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Unformatted text preview: ese overtures from
his mother. In return, he was spanked, jerked around the room, and
tossed into a chair where he could only sit and cry until he agreed
to his mother’s requests. Michael’s mother always outlasted him. Her
insistence on treating Michael like a girl slowly worked its way inside
of Michael’s head. He began to like the colors she picked for him, the
panties and the petticoats, the dresses and the bows.
“If I could please her . . . she, for a while, would be happy. And she
was so much fun to be with if she was happy. If I pleased her she would
primp me. And on rare occasions she would put makeup on me, but
never too much . . . otherwise you might get mistaken for a slut.”
Michael, of course, played along. It was the only way he could hold
his mother’s attention, and he craved that attention. As Lisa May, he was
loved. As Michael, it was less clear.
I never knew what I was for most of my life. My father treated
me like I was all boy. He could be soft, but mostly he taught me
to be tough and strong inside and out. I wasn’t allowed to cry Where Our Sexes Come From 79 or throw tantrums in front of him. Repercussions were severe—
from either one of them. If I acted like I did with mother in
front of my father, I would get it. And it was the same the other
way around—she was so feminine all the time, and father was
so masculine. It was a hard balancing act being around the both
of them at the same time. So, I spent as much time as I could
outside hiding or, if possible, at a friend’s house.
Years later, when I visited with my childhood friends and
parents, it seemed they all knew what my mother did with
me—dressing me up as a girl. They wondered how it would
affect me later in life. They all thought I’d grow up and be a
cross gender. Well, they weren’t far off. I grew up and found out
I was intersexed instead.
Like so many intersex children, Michael was kept in the dark. He
had no idea that he was physically anything other than a boy. It would
take years, and a major mistake on the part of an attorney, before
Michael would learn the whole truth.
Michael’s mother had had several miscarriages. So while she was
pregnant with Michael, she took a drug called diethylstilbestrol, or DES.
From the 1940s until the late 1960s, doctors routinely prescribed DES
for complications and maintenance of pregnancy.12 Some two million
women in the United States and maybe as many as four million women
worldwide took the drug while pregnant. As early as 1953, studies at
the University of Chicago suggested the drug had no effect on pregnancy. But doctors continued to prescribe DES until the early 1970s,
when it became clear the DES was carcinogenic and closely linked to
the development of clear-cell carcinomas of the vagina, endometrial
cancers, and breast cancer.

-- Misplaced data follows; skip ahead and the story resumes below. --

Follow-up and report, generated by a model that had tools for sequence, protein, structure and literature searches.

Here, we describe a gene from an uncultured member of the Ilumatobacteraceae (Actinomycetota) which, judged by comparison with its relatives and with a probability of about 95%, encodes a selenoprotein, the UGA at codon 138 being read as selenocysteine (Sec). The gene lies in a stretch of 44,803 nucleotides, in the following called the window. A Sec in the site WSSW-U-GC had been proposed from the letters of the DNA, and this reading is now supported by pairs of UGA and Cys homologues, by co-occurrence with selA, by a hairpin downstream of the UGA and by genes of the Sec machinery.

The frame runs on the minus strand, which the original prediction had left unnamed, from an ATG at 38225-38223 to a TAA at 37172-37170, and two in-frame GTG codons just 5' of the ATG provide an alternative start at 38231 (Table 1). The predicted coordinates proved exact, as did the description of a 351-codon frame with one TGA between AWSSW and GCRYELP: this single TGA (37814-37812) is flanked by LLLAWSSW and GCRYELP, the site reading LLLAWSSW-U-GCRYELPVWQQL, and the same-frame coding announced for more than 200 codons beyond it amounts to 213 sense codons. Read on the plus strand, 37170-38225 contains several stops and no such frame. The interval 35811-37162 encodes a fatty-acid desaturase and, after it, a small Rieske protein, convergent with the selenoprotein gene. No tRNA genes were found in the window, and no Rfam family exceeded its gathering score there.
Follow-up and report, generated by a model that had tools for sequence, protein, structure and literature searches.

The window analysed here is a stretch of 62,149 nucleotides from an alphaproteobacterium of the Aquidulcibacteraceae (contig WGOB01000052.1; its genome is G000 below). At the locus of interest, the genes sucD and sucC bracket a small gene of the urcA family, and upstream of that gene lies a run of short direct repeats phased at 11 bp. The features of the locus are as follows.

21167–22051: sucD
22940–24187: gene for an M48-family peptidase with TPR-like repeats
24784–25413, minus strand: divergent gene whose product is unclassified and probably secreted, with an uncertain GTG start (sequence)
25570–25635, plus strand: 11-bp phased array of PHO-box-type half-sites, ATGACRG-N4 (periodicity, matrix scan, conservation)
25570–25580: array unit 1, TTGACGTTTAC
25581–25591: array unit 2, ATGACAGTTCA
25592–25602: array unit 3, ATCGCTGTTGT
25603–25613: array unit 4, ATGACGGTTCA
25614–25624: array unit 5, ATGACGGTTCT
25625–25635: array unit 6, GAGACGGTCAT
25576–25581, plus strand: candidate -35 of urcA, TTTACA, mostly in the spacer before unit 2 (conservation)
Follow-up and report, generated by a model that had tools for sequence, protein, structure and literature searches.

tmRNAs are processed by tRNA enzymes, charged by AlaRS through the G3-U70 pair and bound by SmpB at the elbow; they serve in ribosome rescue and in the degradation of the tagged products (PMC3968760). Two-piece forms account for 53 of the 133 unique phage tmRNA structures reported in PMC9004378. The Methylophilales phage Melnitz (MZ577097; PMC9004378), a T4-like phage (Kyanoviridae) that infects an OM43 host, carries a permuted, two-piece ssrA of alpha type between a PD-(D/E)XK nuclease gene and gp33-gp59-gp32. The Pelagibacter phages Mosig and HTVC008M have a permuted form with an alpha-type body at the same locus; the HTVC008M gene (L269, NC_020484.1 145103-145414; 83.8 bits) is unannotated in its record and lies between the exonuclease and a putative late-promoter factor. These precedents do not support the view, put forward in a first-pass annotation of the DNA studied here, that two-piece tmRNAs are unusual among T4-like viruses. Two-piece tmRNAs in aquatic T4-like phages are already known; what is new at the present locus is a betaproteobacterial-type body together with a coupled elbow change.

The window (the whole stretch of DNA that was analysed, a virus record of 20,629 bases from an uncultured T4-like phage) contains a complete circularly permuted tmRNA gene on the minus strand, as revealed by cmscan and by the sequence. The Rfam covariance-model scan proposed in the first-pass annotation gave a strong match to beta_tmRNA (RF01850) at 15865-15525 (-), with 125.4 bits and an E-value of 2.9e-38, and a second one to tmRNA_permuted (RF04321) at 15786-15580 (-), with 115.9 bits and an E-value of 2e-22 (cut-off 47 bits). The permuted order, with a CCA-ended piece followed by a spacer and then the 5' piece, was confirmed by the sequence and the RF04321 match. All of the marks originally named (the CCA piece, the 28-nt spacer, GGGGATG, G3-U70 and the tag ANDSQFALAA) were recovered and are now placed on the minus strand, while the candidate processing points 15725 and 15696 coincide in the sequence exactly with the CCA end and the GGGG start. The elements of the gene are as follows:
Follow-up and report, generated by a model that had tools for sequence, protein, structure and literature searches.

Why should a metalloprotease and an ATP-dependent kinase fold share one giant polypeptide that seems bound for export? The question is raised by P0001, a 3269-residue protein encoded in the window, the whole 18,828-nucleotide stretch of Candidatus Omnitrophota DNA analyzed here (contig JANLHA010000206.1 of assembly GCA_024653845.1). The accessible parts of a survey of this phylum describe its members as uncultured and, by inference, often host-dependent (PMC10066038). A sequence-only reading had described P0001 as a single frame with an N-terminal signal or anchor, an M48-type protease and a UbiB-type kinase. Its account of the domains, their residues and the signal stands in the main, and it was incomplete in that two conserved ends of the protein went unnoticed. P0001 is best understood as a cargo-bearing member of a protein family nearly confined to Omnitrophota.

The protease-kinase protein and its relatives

In the late 1980s, lawyers filed a class-action lawsuit on behalf of
those damaged by DES. With all the coverage in the news, Michael’s
mother became concerned and interested in the lawsuit. She contacted
the lawyers involved with the case, and when she mentioned that her
son was somewhat out of the ordinary, the lawyers expressed a great
deal of interest. They were especially interested in children with cancer. 80 Between XX and XY Michael had had cancer—twice, in fact. The first tumor appeared
when he was seventeen, a gonadoblastoma—one of his undescended
testes had turned malignant. The doctors performed surgery after surgery, ten in all, before they finally gave up and removed the testis. That
seemed to take care of things. But shortly after Michael turned twentyone, he began to lose weight fast. In a few months he dropped from
180 to 125 pounds. At first the doctors could find nothing wrong. As a
last resort, they tried a needle biopsy of his remaining testis and its surroundings. They found a seminoma—a tumor of the gametes.
Michael immediately went home and told his wife, who shed a few
tears, went into her room for about fifteen minutes, then came out with
her suitcases packed and said “Sorry, dear, I can’t sit here and watch you
die.” She left, and a short while later filed for divorce.
“I went crazy. . . . I took seventy-five thousand dollars out of my
savings and went all over the world for three months wishing to just
end my torture. I could not at that time accept being a eunuch and not
knowing what was to come of me.”
Finally, Michael wore himself out and landed at a friend’s house.
While he was there, he met a woman who gave him the strength to go
through with the surgery and the chemotherapy. That surgery would
rewrite Michael’s history and his future.
During the surgery for his cancer, the doctors removed what they
thought was Michael’s remaining testicle. Instead, they found an ovotestis. The implications were dramatic. They offered Michael free karyotyping so they could further investigate the true nature of this man.
They took a few cells and sent them off to the lab. Simple enough,
but inside of those f...
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- Spring '14